Europe South Asia Asia Pacific Americas Middle East Africa BBC Homepage World Service Education
BBC Homepagelow graphics version | feedback | help
BBC News Online
 You are in: Business
Front Page 
World 
UK 
UK Politics 
Business 
Market Data 
Economy 
Companies 
E-Commerce 
Your Money 
Business Basics 
Sci/Tech 
Health 
Education 
Sport 
Entertainment 
Talking Point 
In Depth 
AudioVideo 
Friday, 10 March, 2000, 11:56 GMT
Microsoft aims for new market
windows 98 packs
"In many ways the X-Box turns its back on Windows"
By BBC News Online's Kevin Anderson in Washington

Despite early stumbles when it enters new markets, Microsoft has a history of tenacity when there is a dollar to be made.

It is now boldly taking on new competitors with its foray into the gaming console market with the X-Box.

"This is a major change for Microsoft. Instead of software that always scales with the PC, they are going to make a massive commitment to a platform that won't change for many years," said Richard Doherty with the Envisioneering Group.

This stable platform model has been a boon for companies like Sony, Nintendo and to a lesser extent, Sega, which battle for a piece of the $15bn global market for home game hardware and software.

"Our summary is that (Microsoft) can¿t afford to be left out of the two horse race between Nintendo and Sony," Mr Doherty said.

The PC and Microsoft with its market dominant operating system "is the third filly on the track," he added.

But new gaming consoles including Sony's recently released PlayStation 2 and Nintendo's Dolphin system, to be released in the first half of 2001, will boast the performance of a PC costing several thousands of dollars.

PC gamers are bemoaning the decreasing number of titles being released as the market has fallen flat.

"Is the PC market in trouble?" The answer, industry pundits say unanimously, is "yes," wrote Jeff Lundrigan in a recent column in gaming magazine Next Generation.

A flood has become a trickle as the number of titles sent to him for review has dramatically decreased.

The same, but different

Microsoft hopes to leverage the billions it has spent in developing a software environment for the personal computer to develop a gaming platform, allowing game developers who have created the games for the PC to be able to easily convert those games to the X-Box.

The X-Box uses much of the same underlying software code that games use on the Windows PC platform including the DirectX multimedia application protocol interfaces.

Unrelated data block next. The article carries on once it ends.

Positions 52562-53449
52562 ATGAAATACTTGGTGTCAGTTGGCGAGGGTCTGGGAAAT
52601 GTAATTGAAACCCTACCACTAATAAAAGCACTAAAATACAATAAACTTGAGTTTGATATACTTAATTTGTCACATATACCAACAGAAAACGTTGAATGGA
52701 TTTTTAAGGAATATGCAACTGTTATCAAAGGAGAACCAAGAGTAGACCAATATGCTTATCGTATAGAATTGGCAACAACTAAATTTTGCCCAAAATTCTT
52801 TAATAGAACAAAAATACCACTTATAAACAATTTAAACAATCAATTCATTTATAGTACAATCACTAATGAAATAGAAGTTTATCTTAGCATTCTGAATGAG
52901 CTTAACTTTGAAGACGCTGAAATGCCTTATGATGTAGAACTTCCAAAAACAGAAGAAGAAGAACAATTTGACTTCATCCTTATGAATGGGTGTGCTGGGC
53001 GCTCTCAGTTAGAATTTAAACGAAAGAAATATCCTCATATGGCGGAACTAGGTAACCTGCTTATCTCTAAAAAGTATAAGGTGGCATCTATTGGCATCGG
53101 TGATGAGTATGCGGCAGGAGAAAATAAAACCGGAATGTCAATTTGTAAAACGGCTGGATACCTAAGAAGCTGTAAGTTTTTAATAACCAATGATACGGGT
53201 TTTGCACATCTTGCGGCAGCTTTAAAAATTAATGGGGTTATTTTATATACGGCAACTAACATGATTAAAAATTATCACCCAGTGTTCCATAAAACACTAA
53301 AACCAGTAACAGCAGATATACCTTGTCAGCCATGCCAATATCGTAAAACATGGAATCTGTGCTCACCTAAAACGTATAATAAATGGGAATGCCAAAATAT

But in many ways the X-Box turns its back on the Windows world that made Microsoft a global software giant.

In an advance demonstration of the X-Box for analysts, "I didn't hear the word 'Windows' once in four hours," Mr Doherty said. They did not talk about booting the X-Box. They are working to distance themselves from everything that people do not like about PCs, he added.

Tough competitor in Sony

Both the X-Box and PlayStation 2 begin to blur the lines between the PC and gaming consoles. Both systems include high-speed Internet capability, and the X-Box will have a hard drive.

Some market analysts believe that Microsoft developed the X-Box out of fear that Sony would outflank the software company in the post-PC era, when inexpensive, simplified, single function devices could replace the multi-function PC.

As the lines between markets blur, companies find themselves facing new competitors, and Microsoft will have an able adversary in Sony.

The original PlayStation is the most popular consumer electronics device in history, Mr Doherty said. It is well on its way to selling 70 million units.

And unlike Sony, "Microsoft is not a consumer electronics company", said Peter Glaskowsky, an analyst with MicroDesign Resources. "(Microsoft does) not have any meaningful experience in that industry."

Try, try again

Microsoft also has a history of bad first attempts.

"I think it boils down to the fact that Microsoft knows that it is a strong company, but it overestimates the value of its strengths in markets it is not serving," Mr Glaskowsky said.

He used Windows CE as an example. They wanted it to be as large of a subset of the desktop version of Windows as possible. "They believed in the values of Windows in itself," he said.

As a result, "Windows CE was much bigger than it needed to be, much slower than it needed to be and much more difficult than it needed to be," he said.

But the company has learned, and "the next generation of Windows CE is huge improvement."

The company also has the deep pockets to keep trying until they get it right, and "Microsoft is good at not making the same mistakes on the third or fourth try," Mr Glaskowsky said.

Winner won't take all

Microsoft may not have to engage Sony or Nintendo in a battle to the death for control of the game console market.

Unlike the PC software business where market share creates de facto standards, buyers of gaming consoles often buy more than one system.

Two out of three owners of game consoles own two or more systems, Mr Doherty said, adding that he predicts the market will experience growth in the low to high double digits for the near future.

"I don't worry that one winner will take all," he said.

Search BBC News Online

Advanced search options
Launch console
BBC RADIO NEWS
BBC ONE TV NEWS
WORLD NEWS SUMMARY
PROGRAMMES GUIDE
See also:

09 Mar 00 | Business
Microsoft opens the X-Box
02 Mar 00 | Business
Sony plays to win the games war
10 Mar 00 | Business
PlayStation2 runs into trouble
Internet links:


The BBC is not responsible for the content of external internet sites

Links to other Business stories are at the foot of the page.


E-mail this story to a friend

Links to more Business stories